CHICAGO, IL- Remember this…there are two sets of rules. One for the ruling class—and one for the servants—you know the regular old taxpaying residents.
Let’s go back to last week when rioting thugs looted stores in the downtown Million Mile area of the city? Remember that? Yeah, we do too. So, while thugs were cleaning out stores in Chicago, where were police resources being allocated to?
How about the neighborhood where the “ruling class” in Chicago lives. And while Chicago’s mayor gives cover to violent protests in other parts of the city, the Chicago Police have banned protesters from demonstrating in Mayor Lori Lightfoot’s neighborhood.
The hypocrisy in Chicago knows no bounds.
Do you remember back at the beginning of April, when Lightfoot was producing public service announcements admonishing residents of the city to stay at home and obey executive orders in order to flatten the curve, in fact saying “getting your roots done is not essential?
Do you remember when Mayor Lightfoot violated her own order and got a haircut because, as she said, “I’m the public face of the city. I’m on national media and I’m out in the public eye?” Yeah, we do.
According to the Chicago Tribune, the Chicago PD have effectively prohibited protesters from exercising their “right to ‘peaceful’ protests” [as Lightfoot and other Democrats have referred to them] in her Logan Square neighborhood.
The Tribune reported that a directive was discovered from a July email sent by then-Shakespeare District Commander Melvin Roman to officers assigned to his district.
The email did not differentiate between so-called “peaceful” protesters and those given to violence. Since the demonstrations began at the end of May, Lightfoot has expressed support to protesters, including those who tended to be destructive.
She did say that after protesters had been warned, “it should be locked down,” presumably meaning the demonstrations.
Hypocrisy doesn’t just occur in Chicago, as we have seen politicians such as New York Mayor Bill de Blasio cut over $1 billion from the police budget, but then direct NYPD officers to guard “murals” paying tribute to a group that wants to eliminate them, both fiscally as well as wanting them dead, Black Lives Matter.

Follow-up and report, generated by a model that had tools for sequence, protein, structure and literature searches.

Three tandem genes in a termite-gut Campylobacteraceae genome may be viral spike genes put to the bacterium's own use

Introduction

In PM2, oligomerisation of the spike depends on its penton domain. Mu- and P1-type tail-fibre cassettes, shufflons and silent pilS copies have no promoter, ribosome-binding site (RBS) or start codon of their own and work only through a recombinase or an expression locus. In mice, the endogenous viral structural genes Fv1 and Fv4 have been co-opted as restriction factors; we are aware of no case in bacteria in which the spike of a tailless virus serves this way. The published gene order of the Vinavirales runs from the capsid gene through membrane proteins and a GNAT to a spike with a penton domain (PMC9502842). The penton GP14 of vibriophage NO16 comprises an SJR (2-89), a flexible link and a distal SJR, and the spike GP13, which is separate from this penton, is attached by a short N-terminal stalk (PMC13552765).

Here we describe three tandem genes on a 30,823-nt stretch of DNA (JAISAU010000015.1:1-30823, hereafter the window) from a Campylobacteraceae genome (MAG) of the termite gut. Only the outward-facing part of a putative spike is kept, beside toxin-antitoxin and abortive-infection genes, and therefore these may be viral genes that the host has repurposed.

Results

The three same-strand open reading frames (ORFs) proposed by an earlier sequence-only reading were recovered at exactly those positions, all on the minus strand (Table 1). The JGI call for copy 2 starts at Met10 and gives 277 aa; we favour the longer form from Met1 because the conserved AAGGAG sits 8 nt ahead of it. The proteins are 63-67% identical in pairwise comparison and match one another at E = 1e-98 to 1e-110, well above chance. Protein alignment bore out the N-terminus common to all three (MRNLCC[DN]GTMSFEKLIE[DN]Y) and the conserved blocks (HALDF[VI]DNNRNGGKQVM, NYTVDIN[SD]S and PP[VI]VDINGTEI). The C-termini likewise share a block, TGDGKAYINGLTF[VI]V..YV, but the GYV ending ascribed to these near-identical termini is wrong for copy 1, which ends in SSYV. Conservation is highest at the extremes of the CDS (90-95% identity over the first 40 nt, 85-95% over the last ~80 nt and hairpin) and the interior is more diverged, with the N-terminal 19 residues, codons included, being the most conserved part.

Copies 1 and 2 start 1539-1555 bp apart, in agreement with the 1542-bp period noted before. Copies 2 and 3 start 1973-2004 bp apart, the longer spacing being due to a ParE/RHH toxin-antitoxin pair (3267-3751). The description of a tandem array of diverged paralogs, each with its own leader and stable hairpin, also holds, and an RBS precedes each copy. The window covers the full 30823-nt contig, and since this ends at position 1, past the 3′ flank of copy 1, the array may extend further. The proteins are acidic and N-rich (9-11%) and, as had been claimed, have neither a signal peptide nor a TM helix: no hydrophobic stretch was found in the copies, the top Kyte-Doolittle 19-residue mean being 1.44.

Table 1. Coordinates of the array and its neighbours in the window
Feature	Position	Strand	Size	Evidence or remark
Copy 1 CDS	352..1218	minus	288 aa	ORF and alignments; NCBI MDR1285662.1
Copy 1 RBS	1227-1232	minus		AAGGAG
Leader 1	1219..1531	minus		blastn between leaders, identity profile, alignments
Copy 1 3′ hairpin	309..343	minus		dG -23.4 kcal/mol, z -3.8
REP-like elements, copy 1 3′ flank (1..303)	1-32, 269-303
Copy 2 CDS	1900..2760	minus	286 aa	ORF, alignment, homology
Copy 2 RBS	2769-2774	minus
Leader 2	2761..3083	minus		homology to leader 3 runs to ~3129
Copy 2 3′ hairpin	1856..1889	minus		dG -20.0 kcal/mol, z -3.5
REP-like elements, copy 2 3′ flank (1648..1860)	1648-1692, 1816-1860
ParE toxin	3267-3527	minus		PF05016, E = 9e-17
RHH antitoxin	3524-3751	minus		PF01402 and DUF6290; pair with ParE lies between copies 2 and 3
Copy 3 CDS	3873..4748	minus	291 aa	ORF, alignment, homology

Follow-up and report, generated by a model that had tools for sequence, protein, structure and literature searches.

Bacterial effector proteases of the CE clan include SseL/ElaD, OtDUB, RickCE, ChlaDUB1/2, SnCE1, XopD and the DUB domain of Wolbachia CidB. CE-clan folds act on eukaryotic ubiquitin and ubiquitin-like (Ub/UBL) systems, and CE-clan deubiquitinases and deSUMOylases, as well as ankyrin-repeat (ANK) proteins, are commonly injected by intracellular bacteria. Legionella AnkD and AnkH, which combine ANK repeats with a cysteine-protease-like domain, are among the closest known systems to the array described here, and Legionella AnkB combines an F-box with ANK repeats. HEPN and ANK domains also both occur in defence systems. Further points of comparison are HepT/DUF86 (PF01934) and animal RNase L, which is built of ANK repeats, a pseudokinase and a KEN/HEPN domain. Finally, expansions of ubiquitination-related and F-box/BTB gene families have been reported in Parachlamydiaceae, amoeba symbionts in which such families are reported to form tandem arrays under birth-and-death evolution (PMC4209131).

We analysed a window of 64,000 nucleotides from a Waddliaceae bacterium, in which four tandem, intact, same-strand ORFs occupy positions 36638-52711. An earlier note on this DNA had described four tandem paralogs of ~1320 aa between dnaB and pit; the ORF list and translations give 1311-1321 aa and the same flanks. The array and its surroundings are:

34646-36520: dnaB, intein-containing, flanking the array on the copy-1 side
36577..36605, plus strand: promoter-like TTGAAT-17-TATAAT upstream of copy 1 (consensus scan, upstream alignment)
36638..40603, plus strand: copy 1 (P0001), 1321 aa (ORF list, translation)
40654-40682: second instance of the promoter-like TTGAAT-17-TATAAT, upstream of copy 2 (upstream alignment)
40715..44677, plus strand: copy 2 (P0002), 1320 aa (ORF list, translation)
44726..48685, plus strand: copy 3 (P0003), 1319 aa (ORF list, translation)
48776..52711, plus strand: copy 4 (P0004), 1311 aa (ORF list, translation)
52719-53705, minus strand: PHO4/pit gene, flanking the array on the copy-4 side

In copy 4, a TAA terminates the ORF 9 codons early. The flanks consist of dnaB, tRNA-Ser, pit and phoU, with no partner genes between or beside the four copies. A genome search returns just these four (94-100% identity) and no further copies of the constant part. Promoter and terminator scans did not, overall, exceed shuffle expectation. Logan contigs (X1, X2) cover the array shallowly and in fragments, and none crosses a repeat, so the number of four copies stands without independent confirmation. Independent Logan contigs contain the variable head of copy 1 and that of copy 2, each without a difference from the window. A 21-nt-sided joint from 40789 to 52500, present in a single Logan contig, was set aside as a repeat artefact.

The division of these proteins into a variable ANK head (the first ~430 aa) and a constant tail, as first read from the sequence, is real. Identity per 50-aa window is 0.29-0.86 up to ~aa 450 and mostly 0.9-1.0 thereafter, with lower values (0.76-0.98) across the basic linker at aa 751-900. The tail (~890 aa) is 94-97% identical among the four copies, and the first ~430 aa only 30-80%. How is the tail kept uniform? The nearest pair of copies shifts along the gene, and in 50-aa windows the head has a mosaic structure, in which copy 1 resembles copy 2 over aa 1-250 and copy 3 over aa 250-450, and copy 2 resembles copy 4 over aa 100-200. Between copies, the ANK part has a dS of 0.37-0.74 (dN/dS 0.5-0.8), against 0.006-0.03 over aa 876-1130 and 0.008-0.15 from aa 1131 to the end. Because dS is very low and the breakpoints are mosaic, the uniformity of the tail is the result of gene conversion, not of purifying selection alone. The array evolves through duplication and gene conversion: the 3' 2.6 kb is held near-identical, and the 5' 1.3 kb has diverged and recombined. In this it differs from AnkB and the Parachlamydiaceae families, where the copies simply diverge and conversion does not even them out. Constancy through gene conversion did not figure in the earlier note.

In Los Angeles, a city councilman who has voted to cut millions from the LAPD budget has called the department eight times in the last month or two to deal with alleged threats.
In Chicago, officers have worked to block protesters access to Lightfoot’s block, both with groups of officers as well as barricades. Police have contained protesters in a specific area just outside the block, however as the Tribune reported, one standoff last month resulted in police bringing in an armored vehicle in the event things got out of hand.
Residents who live in Lightfoot’s Logan Square neighborhood have railed against the city’s approach in that area, complaining that police check IDs prior to letting residents into the area to their homes.
One such resident, Ron Kaminecki, a 69-year-old attorney who also owns a bicycle shop expressed the frustration that some have been feeling due to the constant police presence as well as the barricades.
“I came up with the name ‘Fort Lori’ because it’s so hard to get in and out,” he said.
Last Friday, dozens of protesters were sent back out of the area after trying to march to Lightfoot’s home to protest in support of an initiative to remove Chicago police officers from the city’s schools.
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According to the police department and upon questions from the Tribune, officials said that both state law, as well as Chicago’s municipal code prohibit protests in residential areas.